When the singers of the Schola Cantorum of the London Oratory School gathered earlier this year to create a new album, they knew they had little margin for error.
A terrifying new virus was spreading across the world and there were rumors that Britain was about to enter a previously unheard-of state known as “nationwide lockdown.”
“We recorded our album in the final week before the first lockdown,” choir director Charles Cole recalled. “It was very much a race against time, because the political situation was developing quickly and we knew that a shutdown was imminent, so we were very fortunate indeed to get the sessions finished and complete the repertoire.”
It was against this menacing background that the choir at the London Catholic school produced a sublime recording of such works as “Surge, illuminare, Jerusalem” by Palestrina and “Videte miraculum” by Thomas Tallis.
“Looking back, I think it is probably true to say that the general sense of widening panic only added to a sense of determination amongst the boys to get the album completed and to really make it special,” Cole told CNA in an email interview.
The completed album features a sequence of music for Christmas, Epiphany and Candlemas, the Feb. 2 feast also known as the Presentation of the Lord. (This video offers a taste of the work.)
“Sacred Treasures of Christmas” was released on Oct. 30 and entered at number two in the Billboard Traditional Classical Chart. This was testament, perhaps, to the bond that the choir has formed with audiences during tours of the United States.
“We are blessed to have a great deal of support in the USA,” said Cole. “The audiences at our concerts there have given us such an incredibly warm response. We are truly blessed and delighted that the album is being received so positively worldwide, but especially in the USA.”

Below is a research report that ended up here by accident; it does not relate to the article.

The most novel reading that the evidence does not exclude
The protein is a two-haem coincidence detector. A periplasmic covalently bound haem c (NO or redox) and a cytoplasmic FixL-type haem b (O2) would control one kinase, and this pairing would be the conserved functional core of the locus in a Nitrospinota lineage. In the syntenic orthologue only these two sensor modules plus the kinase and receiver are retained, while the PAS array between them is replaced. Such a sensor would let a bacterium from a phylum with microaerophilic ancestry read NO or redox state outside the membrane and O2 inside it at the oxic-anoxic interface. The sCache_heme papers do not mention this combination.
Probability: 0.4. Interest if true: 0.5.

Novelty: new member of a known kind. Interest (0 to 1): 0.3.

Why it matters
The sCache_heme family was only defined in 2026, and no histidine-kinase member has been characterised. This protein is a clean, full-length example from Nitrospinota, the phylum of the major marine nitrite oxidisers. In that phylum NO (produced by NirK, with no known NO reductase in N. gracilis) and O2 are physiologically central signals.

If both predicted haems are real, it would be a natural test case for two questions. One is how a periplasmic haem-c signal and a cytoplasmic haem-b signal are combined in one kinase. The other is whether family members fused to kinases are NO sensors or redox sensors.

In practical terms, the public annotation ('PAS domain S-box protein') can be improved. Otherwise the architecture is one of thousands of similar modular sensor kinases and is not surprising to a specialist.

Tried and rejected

The album, released on the prestigious Hyperion Records label, has also been well-received by critics. Gramophone, a monthly music magazine based in London, described the singers as “impressively mature and well blended.”
BBC Music Magazine “warmly recommended” the recording, saying it offered “a feast of Renaissance repertoire.”
“The 50-strong oratory choir is made up entirely of boys, and conductor Charles Cole draws singing of vernal freshness from them, with excellent ensemble and an interpretive awareness that puts many an adult choir in the shadow,” it said.
Cole appeared last month with two choristers on EWTN’s The World Over with Raymond Arroyo to discuss the creation of the recording as the pandemic loomed.
Why is the album capturing people’s imaginations at the end of a grueling year in which COVID-19 has claimed more than 1.6 million lives around the world?
“I think that the restrictions we are currently living under have focused our minds on aspects of life we have perhaps taken for granted,” suggested Cole.
“The suppression of singing and acts of worship have been a particularly painful loss for many of us. The hope and optimism of the Christmas message conquers all, and the beautiful 16th-century settings on our album express so well the profound truth of the Incarnation.”
Cole was among those who sprung into action when the U.K. government banned choral singing as part of its measures to restrict the spread of coronavirus.
He said: “The narrative which developed around singing was incredibly damaging and was based on supposition and stories in the media. I was just one of a considerable number of choral directors and musicians who spoke out and appealed for common sense.”
“Fortunately a scientific study commissioned by the government showed that singing was perfectly safe provided certain measures, such as good ventilation, were put in place. In our case this allowed us to continue the work of the Schola and preserve everything we had strived for.”